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Barbed wire makers seek tax cuts on raw materials

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There was an expectation that there would be no need for imports, with the higher tax rate further meant to protect local firms and encourage additional investments. FILE PHOTO | NMG

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Summary

  • Players in the industry agreed with the National Treasury to have the tax hiked effective June on the understanding that Thika-based Blue Nile Rolling Mills has developed enough capacity to supply the raw material.
  • There was, therefore, an expectation that there would be no need for imports, with the higher tax rate further meant to protect local firms and encourage additional investments.

Manufacturers of barbed wire and other fencing products are seeking to have import duty on raw materials — galvanised wire — dropped from 25 percent to 10 percent to avert a shutdown of production.

Players in the industry agreed with the National Treasury to have the tax hiked effective June on the understanding that Thika-based Blue Nile Rolling Mills has developed enough capacity to supply the raw material.

There was, therefore, an expectation that there would be no need for imports, with the higher tax rate further meant to protect local firms and encourage additional investments.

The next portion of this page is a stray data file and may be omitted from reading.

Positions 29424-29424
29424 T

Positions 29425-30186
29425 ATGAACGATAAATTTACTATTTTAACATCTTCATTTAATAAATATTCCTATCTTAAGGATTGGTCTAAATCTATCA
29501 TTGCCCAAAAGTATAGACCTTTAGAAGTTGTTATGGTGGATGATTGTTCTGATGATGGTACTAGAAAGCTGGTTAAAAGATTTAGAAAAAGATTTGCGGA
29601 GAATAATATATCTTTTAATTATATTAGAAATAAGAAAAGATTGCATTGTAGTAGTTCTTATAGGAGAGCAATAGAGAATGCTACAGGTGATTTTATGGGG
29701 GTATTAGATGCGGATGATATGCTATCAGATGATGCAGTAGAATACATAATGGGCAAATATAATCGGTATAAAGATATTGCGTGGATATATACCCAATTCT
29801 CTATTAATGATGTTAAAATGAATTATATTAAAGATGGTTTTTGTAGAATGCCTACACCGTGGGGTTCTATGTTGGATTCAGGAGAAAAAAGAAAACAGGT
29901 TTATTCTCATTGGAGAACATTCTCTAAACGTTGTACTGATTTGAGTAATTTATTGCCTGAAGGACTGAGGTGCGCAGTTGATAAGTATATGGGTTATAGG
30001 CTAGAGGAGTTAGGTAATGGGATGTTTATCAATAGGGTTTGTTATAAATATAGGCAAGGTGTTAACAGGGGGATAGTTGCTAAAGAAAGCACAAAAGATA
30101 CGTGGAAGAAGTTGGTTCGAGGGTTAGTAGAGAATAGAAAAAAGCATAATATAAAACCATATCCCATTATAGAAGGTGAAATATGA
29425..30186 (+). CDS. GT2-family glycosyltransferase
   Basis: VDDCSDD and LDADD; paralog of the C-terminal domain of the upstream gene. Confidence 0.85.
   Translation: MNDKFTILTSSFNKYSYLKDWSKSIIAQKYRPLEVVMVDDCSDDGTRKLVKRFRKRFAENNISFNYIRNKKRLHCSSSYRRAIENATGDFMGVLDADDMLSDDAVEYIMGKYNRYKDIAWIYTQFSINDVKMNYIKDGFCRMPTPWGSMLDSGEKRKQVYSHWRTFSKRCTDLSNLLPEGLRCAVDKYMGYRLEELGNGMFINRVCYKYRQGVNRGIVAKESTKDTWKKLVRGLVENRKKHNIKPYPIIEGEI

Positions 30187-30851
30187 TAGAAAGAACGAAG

Blue Nile has, however, been unable to supply the industry as expected, leaving it to grapple with disrupted supply chains and higher costs if they choose to import galvanised wire from overseas.

“The tax increase was good but the plan has not worked out,” a chief executive of one of the country’s largest steel manufactures told Business Daily.

“We want the tax to revert to the previous 10 per cent temporarily until we can reliably source the raw material from the domestic market.”

The manufacturers of barbed wires, chain link fences, gabion boxes and razor wires are lobbying for the tax cut through the Kenya Association of Manufacturers.

There are about 30 large firms besides a cottage industry manufacturing the products used by farmers, households and Kenya Wildlife Service. The sector is estimated to employ 8,000 people.

“Some of the factories have ceased production and the prices of the products are rising significantly,” the CEO of another steel firm said, adding that the price of barbed wire has increased by more than 40 per cent.

Increased production by Blue Nile and other upcoming players is expected to result in adequate supply of the raw material in the coming years.